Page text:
Heating water for your tea. Whether you heat the water in a kettle on your stove or in a mug in your microwave, you still get the same thing: hot water. Well, technically that’s correct. But science tells us there’s a difference. And, if you pay close attention, your tea will probably tell you the same thing.
It may not be an epic showdown like Batman vs. Superman or the Jonas Brothers vs. One Direction, but when you pit a kettle vs. a microwave, you might be surprised who wins.
Science. It’s a Thing.
Because the ways a kettle and a microwave heat water are very different, so are your results. Let’s let science tell us how and why.
Kettle. Water heated in a kettle is heated by convection. Here’s how convection works:
- Convection is the circular motion that happens when warmer liquid—which has faster moving molecules, making it less dense—rises, while cooler liquid drops down.
- When you turn the kettle on, heat is coming from the bottom, not bombarding the liquid from all around. As the water on the bottom heats first, it rises (see “convection” above for why), while the cooler water begins to drop down.
- When this happens, eventually the water mixes together to create a uniform temperature. It’s like starting out with a bowl of ice cream, with chocolate on one side and vanilla on the other. If you mix them together, you get chocilla, or vanolate. That is not science, but you get the idea.
Microwave. Basically, a microwave works like this:
- Inside your microwave’s metal box is a magnetron, an electron tube for amplifying or generating microwaves.
- Microwaves are electromagnetic waves with a wavelength that is shorter than that of a radio wave but longer than infrared radiation.
- When you hit the start button, the magnetron converts electricity flowing from your power outlet and converts it into microwaves, which are blasted into the box through a channel called a wave guide and bounce off the interior metal walls.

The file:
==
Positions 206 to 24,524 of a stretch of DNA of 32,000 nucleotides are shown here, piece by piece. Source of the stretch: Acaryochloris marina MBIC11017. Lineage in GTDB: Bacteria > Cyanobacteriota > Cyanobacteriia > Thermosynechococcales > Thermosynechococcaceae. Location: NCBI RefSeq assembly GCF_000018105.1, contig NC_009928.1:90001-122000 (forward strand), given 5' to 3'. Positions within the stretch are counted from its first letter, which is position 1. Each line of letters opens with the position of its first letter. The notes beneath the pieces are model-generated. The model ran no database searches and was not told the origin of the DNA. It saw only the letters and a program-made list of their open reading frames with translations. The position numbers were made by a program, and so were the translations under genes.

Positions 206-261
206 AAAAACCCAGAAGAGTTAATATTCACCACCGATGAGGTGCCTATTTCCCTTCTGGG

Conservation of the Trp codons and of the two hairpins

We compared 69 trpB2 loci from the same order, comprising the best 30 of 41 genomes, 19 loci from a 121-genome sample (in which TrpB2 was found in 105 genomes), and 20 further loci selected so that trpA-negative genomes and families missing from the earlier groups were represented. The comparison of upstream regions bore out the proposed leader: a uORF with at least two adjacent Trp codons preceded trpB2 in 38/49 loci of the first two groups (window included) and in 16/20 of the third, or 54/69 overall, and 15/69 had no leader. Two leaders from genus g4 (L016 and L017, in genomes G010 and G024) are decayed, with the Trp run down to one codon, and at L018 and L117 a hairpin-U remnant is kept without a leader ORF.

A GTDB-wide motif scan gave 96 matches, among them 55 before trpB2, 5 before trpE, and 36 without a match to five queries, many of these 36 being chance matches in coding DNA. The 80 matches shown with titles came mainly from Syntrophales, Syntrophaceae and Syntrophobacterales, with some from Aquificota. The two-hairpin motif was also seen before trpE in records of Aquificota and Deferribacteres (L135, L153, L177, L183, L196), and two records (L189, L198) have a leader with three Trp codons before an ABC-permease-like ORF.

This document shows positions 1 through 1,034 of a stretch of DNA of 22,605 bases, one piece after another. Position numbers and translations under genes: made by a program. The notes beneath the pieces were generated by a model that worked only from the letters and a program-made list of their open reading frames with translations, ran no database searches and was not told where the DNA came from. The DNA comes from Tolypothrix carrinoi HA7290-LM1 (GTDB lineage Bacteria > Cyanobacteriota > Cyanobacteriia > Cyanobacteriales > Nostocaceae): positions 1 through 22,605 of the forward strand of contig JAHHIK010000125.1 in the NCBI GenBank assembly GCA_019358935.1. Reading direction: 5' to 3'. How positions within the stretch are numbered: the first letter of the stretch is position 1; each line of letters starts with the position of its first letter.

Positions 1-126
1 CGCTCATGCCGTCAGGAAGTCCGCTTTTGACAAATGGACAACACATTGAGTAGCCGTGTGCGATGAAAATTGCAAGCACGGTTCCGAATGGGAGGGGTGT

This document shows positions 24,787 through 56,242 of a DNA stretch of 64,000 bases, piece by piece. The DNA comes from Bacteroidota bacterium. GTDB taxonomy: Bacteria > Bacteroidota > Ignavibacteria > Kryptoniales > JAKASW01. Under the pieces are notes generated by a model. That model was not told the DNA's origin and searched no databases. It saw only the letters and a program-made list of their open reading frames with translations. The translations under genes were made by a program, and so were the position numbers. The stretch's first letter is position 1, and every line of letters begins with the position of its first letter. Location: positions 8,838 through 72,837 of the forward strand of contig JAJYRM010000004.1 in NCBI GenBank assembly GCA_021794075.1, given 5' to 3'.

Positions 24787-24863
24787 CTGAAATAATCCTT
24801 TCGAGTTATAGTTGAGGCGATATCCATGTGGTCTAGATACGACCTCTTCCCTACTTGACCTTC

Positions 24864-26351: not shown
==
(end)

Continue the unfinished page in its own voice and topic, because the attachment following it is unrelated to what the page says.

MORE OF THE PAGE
- When the waves hit your food, or water in this case, they don’t bounce off. Instead, they pass right through your water.
- This gets the water very excited, and its molecules begin to vibrate. Their vibrations have heat, so the faster the molecules vibrate, the hotter the food becomes.
- However, because these electromagnetic waves are coming from all over the microwave (imagine a dog chasing more than one squirrel) instead of just from the bottom like a kettle, convection (the mixing of heat) doesn’t happen.
- The result? The water at the top is hotter than the water at the bottom. This does not make for a consistent, best-of-class tea-drinking experience.
So, there you have it. Heating water for your tea in a kettle will give you water that has a uniform temperature. Since we recommend that you prepare your tea at specific water temperatures based on the type of tea, heating water in a kettle is the only way to do that. A microwave will give you water that is hot, but the temperature is not consistent throughout the cup.
Also, if you have ever tried to take a microwave on a camping trip, you know that a kettle is the much better choice.
Hopefully you’ve already got a beloved kettle at home, the first thing you reach for as you stumble into the kitchen in the morning to make your English Breakfast tea, and the last thing you use in the kitchen as you make a cup of Deep Sleep tea before bed. Whether your kettle is new and shiny or old and well-used, make sure you clean it periodically to keep it free from mineral build-up, which will diminish the taste of your water. Always use cold filtered water so the flavor of your tea comes shining through.
If you’d like a kettle that makes sure your water is the perfect uniform temp every time, try the Cuisinart Perfectemp® Stainless Steel Cordless Programmable Electric Kettle. With six preset temperatures, a keep-warm option and a water filter, you’ll have perfect water every time. Need tea on the go and don’t want to pack that microwave? The Bonavita Mini Electric Travel Kettle is your tea-lovin’ travel buddy and provides quick, even heating. All you need is water and an outlet. Oh, and tea and a mug.
At the end of the day, while we all love the convenience of microwaves, the kettle is the clear winner in the water-heating battle. Plus, there’s something very lovely and quasi-British about saying to a friend before you settle in for tea and a chat, “Let me put the kettle on”… “Let me start the microwave” just doesn’t have the same feel.